6. The Tribunal, after analysing the evidence adduced by the parties held that the accident was due to the rash and negligent driving of the lorry by the driver. on the second question the Tribunal held that if the liability of the respondents to pay compensation is upheld, the fair and reasonable compensation would be Rs. 32,600. But as the Tribunal held on questions 3 and 4 that the accident did not occur in a public place and that the claim petition is barred under S. 53 of the Employees' State Insurance Act, it was held that the claimants are not entitled to claim any compensation under the Motor Vehicles Act. In this view, the Tribunal dismissed the claim petition.

7. In this appeal filed by the claimants the only two questions that arise for consideration are (1) Whether the accident occurred in a public place so as to make the insurer liable for compensation in relation thereto. and (2) Whether the claim for compensation under the Motor Vehicles Act is barred by Section 53 of the Employees' State Insurance Act. The other two questions, which were considered by the Tribunal and its findings thereon have become final, do not arise for consideration as those findings are in favour of the appellants in this appeal.

8. Section 94 of the Motor Vehicles Act requires a policy of insurance to be taken out by the owner of a motor vehicle complying with the requirements of Chap. VIII. S. 95 (1) (b) of the said Act reads thus-

"In order to comply with the requirements of this Chapter, a Policy of insurance must be a policy which insures the person or classes of persons specified in the policy to the extent specified in sub-sec. (2) against any liability which may be incurred by him or them in respect of the death, or bodily injury to, any person caused by or arising out of the' use of the vehicle in a public place."

9. Thus. it is clear that the insurer's liability will arise only if the accident had occurred in a public Place. 'Public place, is defined in S. 2 (24) of the Act as a road, street, way or 3ther place, whether a thoroughfare or not, to which the public have a right of access and includes any place or stand at which passengers are picked up or set down by a stage carriage. The question 1 is whether the accident occurred in a private place or in a Public place. If the accident had occurred in a private place it is common ground that the insurer is not liable. In the claim petition the place of accident has been stated as 'in Express Newspapers estate. 3 Club House Road, Madras 2". It is the evidence of P. W. 4, the investigating officer that "the accident was within the premises of Express estate". Express estate has a compound wall all around and a gate at the entrance of the premises. P. W. 5 who claims to be an eye-witness to the occurrence has stated that the accident occurred within the compound of Express estate and there was a watchman at the inner gate and a watchman at the outergate and that he went inside the compound with the permission of the watchman at the outergate. R. W. 2, the driver of the vehicle involved in the accident had also deposed that the accident occurred inside the compound of the Indian Express estate. Thus the statement in the -claim Petition and the evidence of P. Ws. 4 and 5 and R. W. 2 make it clear that the accident occurred inside the compound of the Indian Express estate which is a private place and not 'in a public place into which public can enter as of right.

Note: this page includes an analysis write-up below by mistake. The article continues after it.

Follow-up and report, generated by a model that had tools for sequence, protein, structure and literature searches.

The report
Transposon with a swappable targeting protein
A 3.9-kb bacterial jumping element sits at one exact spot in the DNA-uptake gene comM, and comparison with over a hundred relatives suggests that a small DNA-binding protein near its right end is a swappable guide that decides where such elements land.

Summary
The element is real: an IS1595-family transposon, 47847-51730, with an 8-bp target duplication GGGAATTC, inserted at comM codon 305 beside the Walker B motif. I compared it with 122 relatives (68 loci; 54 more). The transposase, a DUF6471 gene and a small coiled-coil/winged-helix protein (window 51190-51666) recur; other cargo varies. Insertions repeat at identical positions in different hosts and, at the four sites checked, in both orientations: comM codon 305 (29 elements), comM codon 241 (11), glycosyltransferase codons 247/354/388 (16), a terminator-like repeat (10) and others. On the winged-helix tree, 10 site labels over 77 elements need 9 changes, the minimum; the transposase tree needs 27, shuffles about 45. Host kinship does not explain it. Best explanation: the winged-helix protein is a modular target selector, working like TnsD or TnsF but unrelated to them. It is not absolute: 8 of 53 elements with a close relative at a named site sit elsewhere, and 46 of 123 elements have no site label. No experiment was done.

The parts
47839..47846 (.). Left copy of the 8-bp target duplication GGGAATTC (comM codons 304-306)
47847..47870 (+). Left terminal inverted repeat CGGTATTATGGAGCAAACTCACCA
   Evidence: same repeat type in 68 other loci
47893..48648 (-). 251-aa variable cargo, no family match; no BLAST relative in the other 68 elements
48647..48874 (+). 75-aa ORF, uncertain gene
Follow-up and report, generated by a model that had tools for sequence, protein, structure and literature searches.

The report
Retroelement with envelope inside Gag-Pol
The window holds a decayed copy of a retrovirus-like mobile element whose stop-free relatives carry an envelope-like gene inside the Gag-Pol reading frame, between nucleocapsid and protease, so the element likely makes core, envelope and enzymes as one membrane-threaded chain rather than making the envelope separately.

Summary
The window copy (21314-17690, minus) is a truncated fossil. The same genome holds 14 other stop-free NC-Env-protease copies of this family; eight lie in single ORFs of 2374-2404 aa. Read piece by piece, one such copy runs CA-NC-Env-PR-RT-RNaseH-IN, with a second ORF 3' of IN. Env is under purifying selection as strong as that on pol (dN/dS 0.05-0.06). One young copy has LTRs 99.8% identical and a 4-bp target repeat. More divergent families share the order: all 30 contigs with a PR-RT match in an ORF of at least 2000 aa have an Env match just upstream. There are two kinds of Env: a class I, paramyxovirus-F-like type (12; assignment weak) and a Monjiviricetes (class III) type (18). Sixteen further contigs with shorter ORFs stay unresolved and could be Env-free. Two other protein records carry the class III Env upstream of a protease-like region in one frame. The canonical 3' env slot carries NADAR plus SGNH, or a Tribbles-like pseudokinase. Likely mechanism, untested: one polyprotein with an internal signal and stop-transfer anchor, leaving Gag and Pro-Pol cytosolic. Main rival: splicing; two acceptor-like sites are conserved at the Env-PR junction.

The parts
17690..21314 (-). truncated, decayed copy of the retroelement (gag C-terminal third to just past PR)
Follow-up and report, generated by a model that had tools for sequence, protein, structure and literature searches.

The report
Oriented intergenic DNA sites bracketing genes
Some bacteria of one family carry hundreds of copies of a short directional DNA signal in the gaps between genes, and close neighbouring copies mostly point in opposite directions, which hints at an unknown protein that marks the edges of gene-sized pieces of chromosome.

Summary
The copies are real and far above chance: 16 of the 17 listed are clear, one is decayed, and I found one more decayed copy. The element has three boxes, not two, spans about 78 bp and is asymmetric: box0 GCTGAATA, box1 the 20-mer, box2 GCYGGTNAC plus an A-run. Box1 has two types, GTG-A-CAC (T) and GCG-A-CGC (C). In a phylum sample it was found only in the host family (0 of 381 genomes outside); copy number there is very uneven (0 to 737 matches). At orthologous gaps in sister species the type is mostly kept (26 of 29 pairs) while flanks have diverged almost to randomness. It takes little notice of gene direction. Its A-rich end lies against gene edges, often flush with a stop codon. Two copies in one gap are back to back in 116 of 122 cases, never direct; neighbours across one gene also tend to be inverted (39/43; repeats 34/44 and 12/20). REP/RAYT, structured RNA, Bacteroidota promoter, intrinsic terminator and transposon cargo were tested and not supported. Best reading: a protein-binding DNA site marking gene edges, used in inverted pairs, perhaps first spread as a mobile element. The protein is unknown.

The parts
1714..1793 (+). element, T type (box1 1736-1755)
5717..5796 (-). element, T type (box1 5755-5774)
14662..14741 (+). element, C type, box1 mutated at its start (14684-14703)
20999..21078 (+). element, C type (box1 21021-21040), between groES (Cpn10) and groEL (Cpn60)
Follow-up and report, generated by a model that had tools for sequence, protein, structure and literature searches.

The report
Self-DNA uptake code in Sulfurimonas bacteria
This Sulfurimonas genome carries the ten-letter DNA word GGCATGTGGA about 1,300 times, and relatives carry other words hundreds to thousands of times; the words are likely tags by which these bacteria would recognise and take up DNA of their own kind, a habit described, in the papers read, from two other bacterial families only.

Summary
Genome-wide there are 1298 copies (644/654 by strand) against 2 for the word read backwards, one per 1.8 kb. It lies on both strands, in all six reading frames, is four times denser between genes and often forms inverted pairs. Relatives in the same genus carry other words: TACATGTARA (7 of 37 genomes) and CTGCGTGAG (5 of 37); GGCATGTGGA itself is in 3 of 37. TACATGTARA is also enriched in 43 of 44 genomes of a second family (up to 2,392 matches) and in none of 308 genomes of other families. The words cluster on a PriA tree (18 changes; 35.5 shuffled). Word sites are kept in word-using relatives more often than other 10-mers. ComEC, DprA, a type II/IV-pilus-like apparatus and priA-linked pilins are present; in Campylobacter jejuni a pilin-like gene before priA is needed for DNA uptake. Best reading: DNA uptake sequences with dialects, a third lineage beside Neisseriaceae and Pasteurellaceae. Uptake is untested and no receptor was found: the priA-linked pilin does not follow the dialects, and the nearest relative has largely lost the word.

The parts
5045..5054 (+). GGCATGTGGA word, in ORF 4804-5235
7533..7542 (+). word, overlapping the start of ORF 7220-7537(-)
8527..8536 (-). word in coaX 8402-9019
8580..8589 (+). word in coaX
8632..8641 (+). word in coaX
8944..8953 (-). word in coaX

10. The learned counsel for the claimants appellants would however, contend that a liberal interpretation has to be given for the expression public place, occurring in S. 95 (1) (b) and that since the concern of Express Newspaper which is a public media is housed within the compound. the entire premises must be taken to be one to which public can have access. The learned counsel refers to a decision of a Division Bench of this court in Crown Prosecutor v. Govindarajulu, (1916) ILR 39 Mad 886: (AIR 1916 Mad 474), wherein the Harbour premises was held to be a place of public resort. In that case, a person was prosecuted for disorderly behaviour in the Madras Harbour premises, under S. 75 of the Madras City Police Act. He was acquitted by the Presidency Magistrate on the ground that the Harbour premises do not constitute a place of public resort. On appeal the High Court held that the bylaws framed under the port Trust Act prohibiting trespassers or persons who enter on the harbour premises without having business there or with the ships lying in the harbour cannot be construed as preventing entry of respectable people and that so long as respectable members of the public have been freely allowed to enter the harbour premises, as well as the very large number of people who have business in the harbour premises or with the shipping, the harbour premises has to be taken to be a place of public resort. We do not see how the entire express estate premises can be construed to be a public place merely because a newspaper is printed and published from that place. Merely because newspaper is a public media the place where the newspaper is printed and published cannot be taken to be a public place if that were to be so, every place where books are printed and published will become a public place. The test for finding out whether a place is public or private is to see whether any member of the public would have access as of right to that place. in this case the evidence is clear that the Indian Express estate is surrounded by a compound and there is a gate through which the entry is regulated by permission.